When we think about African safaris we almost immediately picture the big five. These magnificent beasts intrigue us with their beauty and mystery. The big five consists of the African Lion, the African Elephant, the African or Cape Buffalo, the African Leopard and the Rhinoceros. This group of animals were first dubbed as “The Big Five” by hunters because the difficulty and danger involved in hunting them on foot. A common misconception is that these animals were chosen because of their physical size – myth busted.
Below are ten other interesting facts about each member of the big five that will prepare you for the next time you go on an African safari vacation.
Introducing The Big Five
- Even though they resemble each other, it is believed that the African buffalo is not closely related to the water buffalo. It is interesting to note that unlike the water buffalo, the African buffalo has never been domesticated.
- African buffalo are considered to be the most dangerous member of the big five. At first glance these creatures may appear calm and peaceful but when they feel threatened they are a force to be reckoned with. It is reported that more people are killed in Africa by buffalo than any other animal.
- The African elephant has become such an integral part of the African landscape. Many plant species have evolved seeds that are dependent on passing through an elephant’s digestive tract before they can germinate. At least one third of tree species on West African plains rely on elephants in this way for dissemination.
- African elephants communicate across large distances using infrasound. The sound emitted is at a low frequency that cannot be heard by humans.
- The rhino is the second biggest land mammal in the world, right after the elephant. Rhinos weigh about 2700kgs on average. The rhino also holds the title for the second longest pregnancy in the world. A rhino’s pregnancy lasts 15 – 16 months.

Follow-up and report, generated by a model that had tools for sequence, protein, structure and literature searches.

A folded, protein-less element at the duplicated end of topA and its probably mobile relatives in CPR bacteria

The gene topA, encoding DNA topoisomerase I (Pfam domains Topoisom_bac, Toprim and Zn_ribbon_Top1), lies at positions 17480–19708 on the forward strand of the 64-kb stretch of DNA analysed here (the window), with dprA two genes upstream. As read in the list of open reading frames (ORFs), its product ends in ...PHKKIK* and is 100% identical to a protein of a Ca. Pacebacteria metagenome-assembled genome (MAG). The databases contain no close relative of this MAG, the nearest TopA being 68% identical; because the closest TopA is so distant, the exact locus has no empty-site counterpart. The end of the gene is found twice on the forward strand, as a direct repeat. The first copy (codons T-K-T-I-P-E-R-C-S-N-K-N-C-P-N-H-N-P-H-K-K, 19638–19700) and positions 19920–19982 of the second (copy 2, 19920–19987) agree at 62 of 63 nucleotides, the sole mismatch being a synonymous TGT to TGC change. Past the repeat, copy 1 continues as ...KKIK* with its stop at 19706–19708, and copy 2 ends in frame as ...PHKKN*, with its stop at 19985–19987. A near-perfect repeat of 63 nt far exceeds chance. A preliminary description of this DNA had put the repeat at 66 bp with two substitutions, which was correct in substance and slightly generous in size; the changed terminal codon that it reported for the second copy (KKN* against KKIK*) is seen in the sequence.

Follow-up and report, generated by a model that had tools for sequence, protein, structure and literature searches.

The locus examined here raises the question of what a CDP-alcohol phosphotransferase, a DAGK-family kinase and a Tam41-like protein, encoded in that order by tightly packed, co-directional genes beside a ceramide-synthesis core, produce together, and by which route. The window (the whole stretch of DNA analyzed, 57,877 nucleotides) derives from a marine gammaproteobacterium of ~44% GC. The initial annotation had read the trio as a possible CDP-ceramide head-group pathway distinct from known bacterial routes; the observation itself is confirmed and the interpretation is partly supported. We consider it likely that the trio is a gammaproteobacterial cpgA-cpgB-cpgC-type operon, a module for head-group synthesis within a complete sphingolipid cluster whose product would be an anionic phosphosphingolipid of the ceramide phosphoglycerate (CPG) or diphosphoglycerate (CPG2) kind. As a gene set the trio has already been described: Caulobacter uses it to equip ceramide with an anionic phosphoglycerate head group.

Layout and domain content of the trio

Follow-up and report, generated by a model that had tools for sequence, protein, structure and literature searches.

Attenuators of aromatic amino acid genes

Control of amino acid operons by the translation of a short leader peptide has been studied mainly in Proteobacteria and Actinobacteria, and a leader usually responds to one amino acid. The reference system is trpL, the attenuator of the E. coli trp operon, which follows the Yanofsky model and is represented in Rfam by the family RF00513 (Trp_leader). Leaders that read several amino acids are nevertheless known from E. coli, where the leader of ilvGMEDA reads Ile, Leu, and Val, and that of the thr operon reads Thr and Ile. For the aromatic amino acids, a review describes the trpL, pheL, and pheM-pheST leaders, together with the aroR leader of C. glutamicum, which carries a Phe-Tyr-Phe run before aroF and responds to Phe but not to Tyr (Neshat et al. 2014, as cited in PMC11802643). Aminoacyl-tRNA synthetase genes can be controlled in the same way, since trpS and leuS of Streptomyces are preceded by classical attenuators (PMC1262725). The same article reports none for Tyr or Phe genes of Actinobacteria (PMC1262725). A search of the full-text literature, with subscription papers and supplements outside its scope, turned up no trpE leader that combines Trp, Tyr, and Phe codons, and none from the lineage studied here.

- Rhinos have poor eyesight and will sometimes attack trees and rocks by accident. They however have excellent hearing and sense of smell, thus making up for
the poor eyesight. – Tweet This Fact
The Big Cats of Africa
- Leopards are nocturnal and notoriously solitary animals. They stay hidden throughout most of the day and are the least-seen of the big five.
- Leopards are excellent tree climbers. They’ll often prevent lions and hyenas from stealing their kill by hauling it into a tree. Leopards are very strong swimmers and will occasionally eat fish and crabs.
- In 2014 a study revealed that lions are critically endangered in Africa. The African lion faces the threat of extinction by the year 2050. The total population of African lions in Africa borders on about 34 000 animals. Lions on the wild savannahs now compete with other wildlife, an increase in human populations and their livestock herds for land.
- African lions are the most social of the big cats and live together in groups called prides. Contrary to popular belief, there is no single dominant male lion in a pride. Males are responsible for protecting the pride’s territory while the females are the primary hunters of the group.
There is still much to learn about the wildlife in Africa. The more we learn about the animals roaming the African plains the more we realise how important it is to look after our environment and to protect the natural wonders that surround us. The 3rd of March 2015 is World Wildlife Day. The theme this year is Serious About Wildlife Crime. We hope to bring more awareness and knowledge about these creatures.
We have compiled the definitive checklist to prepare you for your next safari holiday. Click here if you have not yet downloaded your free copy of the eAfrica Safari Tours checklist.